Exactly thirty-two minutes after administering the dose, the stillness changed. Not a sound but a movement of air, a vibration that skittered over LePonte's clean-shaven cheek like a thousand imagined insects. His eyes jumped from his lap to the bed, marking each wrinkle in the sheet. It took a moment to find the source of the shift, and when he did, LePonte felt his skin begin to crawl.
It was nothing they hadn't seen before. A common side effect of most antipsychotics: tremors. Her hand, the one with the IV in it, was shaking. Not profoundly, but rather just enough to send the line into a series of soft undulations that rolled across the room in minute, near-indiscernible waves. It was a subtle thing, but LePonte hated it. The whole situation made him paranoid, but there was something grotesque about that silent jerking of the fingers; it looked unnatural and somehow threatening. The death rattle of a puppeteer unwilling to give up his toy.
He glanced towards the mirror on the wall above the bed, and waved a hand. Two raps back. Kilmer was watching, too.
LePonte bent to his notebook, squinting, and wrote down the time and the symptom. He was still peering at the yellow legal paper when Bonnie Tedesco started screaming.
'Shit!' LePonte remarked, less loudly than expected, and dropped the pad. 'Leonard, get in here!'
'I have to monitor - '
'Shut the fuck up and get in here,' LePonte barked. The shock was over now, and he was trying to get his belt out of the goddamn loops because she was thrashing and her mouth was opening and closing, her tongue was in there somewhere but it might not be in a few seconds. Leonard burst in.
'Fuck,' he said, and lunged onto the bed. 'Get her head!'
LePonte got the belt out and shoved it between Bonnie's jaws. The stuffy room was filled with new sounds, guttural punching cries, muffled by the belt but still so wet and loud they seemed to mirror LePonte's pounding heart. She was seizing hard, the IV swinging wildly. He managed to grab the tower before it toppled and ripped the needle right out of her vein, putting all of his weight on the girl's shoulders.
'Her legs,' he grunted; Leonard promptly sat on Bonnie's thighs.
'Jesus,' Leonard said, and that was when the equipment on the other side of the mirror started to explode.
'Oh, what the fuck,' LePonte moaned, because Bonnie was still trying to tear herself up from the inside.
'Straps,' Leonard reminded him. There was a series of quick popping noises from the other room: the lights? Something else cracked and splintered onto the floor, it sounded plastic. LePonte reached down, pinning her with half his torso, and got ahold of one of the leather straps that dangled from the borrowed hospital bed. By the time he'd gotten it up and put it along the line of her shoulders, it was all over.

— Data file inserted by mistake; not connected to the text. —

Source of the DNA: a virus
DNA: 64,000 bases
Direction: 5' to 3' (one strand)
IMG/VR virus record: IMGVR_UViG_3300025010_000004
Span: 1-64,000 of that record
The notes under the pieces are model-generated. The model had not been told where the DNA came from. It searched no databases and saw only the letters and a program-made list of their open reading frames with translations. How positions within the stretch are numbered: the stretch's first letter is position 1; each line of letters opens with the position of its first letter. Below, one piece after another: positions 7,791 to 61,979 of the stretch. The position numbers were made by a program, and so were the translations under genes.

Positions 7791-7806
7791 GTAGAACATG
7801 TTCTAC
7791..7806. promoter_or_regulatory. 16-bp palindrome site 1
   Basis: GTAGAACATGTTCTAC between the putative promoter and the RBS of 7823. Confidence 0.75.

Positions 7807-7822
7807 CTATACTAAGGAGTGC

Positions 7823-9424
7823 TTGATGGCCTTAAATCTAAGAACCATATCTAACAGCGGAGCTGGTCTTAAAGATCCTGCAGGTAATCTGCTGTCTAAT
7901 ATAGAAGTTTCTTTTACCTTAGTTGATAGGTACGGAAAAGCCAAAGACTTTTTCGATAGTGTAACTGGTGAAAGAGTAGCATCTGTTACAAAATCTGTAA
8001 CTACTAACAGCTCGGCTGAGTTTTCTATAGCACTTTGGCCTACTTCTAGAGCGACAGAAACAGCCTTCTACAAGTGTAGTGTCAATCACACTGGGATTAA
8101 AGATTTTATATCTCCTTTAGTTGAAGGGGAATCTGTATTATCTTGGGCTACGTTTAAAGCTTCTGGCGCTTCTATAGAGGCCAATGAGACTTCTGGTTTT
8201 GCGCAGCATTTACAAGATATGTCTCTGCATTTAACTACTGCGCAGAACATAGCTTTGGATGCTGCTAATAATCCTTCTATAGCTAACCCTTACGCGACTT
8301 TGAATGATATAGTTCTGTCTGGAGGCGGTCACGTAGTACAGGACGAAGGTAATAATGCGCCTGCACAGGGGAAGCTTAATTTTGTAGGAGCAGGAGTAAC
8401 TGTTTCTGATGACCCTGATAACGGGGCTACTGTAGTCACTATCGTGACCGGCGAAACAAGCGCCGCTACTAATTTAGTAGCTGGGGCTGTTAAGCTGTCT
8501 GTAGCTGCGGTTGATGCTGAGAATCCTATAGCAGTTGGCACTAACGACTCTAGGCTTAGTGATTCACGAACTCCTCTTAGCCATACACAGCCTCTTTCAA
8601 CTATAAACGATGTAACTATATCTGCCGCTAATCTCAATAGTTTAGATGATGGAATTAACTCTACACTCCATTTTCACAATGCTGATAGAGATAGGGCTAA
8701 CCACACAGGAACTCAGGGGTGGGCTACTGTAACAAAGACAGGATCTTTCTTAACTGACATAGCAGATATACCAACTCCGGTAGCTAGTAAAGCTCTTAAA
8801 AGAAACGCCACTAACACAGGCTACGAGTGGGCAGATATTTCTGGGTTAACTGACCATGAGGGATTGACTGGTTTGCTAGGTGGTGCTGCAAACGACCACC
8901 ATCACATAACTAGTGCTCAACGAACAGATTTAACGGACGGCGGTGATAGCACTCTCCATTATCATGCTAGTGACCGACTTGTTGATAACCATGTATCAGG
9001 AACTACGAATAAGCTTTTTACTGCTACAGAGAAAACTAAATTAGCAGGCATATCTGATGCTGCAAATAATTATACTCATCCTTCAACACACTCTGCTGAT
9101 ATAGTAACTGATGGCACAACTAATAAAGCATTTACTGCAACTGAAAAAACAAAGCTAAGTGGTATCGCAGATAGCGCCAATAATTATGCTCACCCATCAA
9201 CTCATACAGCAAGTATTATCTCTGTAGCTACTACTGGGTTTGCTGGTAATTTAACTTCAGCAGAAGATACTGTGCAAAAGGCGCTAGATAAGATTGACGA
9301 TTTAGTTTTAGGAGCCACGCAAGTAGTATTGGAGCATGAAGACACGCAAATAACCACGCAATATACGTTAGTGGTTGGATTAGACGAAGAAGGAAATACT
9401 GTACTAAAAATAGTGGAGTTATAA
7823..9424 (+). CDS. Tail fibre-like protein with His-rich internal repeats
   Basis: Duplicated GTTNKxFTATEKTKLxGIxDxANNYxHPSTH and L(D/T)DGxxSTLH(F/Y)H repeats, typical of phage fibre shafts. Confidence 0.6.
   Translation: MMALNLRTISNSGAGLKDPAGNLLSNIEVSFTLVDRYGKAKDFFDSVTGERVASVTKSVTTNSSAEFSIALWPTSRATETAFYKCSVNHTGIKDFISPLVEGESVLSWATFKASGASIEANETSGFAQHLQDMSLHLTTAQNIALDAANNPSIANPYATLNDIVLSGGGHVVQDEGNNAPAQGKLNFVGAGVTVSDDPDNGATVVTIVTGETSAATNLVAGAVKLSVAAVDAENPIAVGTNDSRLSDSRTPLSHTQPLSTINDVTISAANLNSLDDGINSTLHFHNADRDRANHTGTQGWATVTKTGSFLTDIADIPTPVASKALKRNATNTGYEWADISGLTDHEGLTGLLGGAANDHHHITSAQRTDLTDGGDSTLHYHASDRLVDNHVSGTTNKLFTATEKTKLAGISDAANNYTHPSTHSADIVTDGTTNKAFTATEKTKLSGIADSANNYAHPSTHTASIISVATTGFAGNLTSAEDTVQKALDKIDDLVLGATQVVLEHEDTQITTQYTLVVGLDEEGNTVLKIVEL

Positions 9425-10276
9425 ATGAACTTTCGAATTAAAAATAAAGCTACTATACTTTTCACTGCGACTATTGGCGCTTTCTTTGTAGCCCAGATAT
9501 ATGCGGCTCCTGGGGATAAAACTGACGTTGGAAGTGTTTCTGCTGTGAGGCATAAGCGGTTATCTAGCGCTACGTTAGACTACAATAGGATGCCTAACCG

They secured her anyway. LePonte left the belt in her mouth. It seemed safer that way.
The monitoring room was a wreck. The halogen lights that lined the ceiling were all shattered, bits of glass littering the floor and sticking in the grout. The TV was on the floor as well. It was still smoldering.
'What the fuck,' LePonte said again. Leonard's face was shining.
'Johnny,' he said. 'Johnny, we did it.' He took LePonte's hands and brought them to his face and kissed them. It was a moment of such rare intimacy that LePonte would remember it years later, when other things were shattered than glass.
And when they went back into the study bedroom and realized that Bonnie Tedesco was dead, that moment would stay too.
They closed up the clinic. It was impossible to do anything else. The grant went with it. So did their positions at Johns Hopkins. Leonard didn't seem to mind as much, but LePonte felt something leave him when he left the school.
They weren't living together when he got the call. For a few days immediately after the incident, LePonte had considered cutting off all contact with Leonard Kilmer. It felt good, thinking that. But it also felt cheap. Like bargaining, except so petty an act of contrition that it would almost make everything worse. And, in the end, there was the fact that Kilmer had been right.
They had done it.
It wouldn't get out. Their findings would never appear in weekly journals or be defended before the Board. But they knew.
And, as LePonte learned several weeks after his dismissal from the PhD program at Johns Hopkins, so did someone else.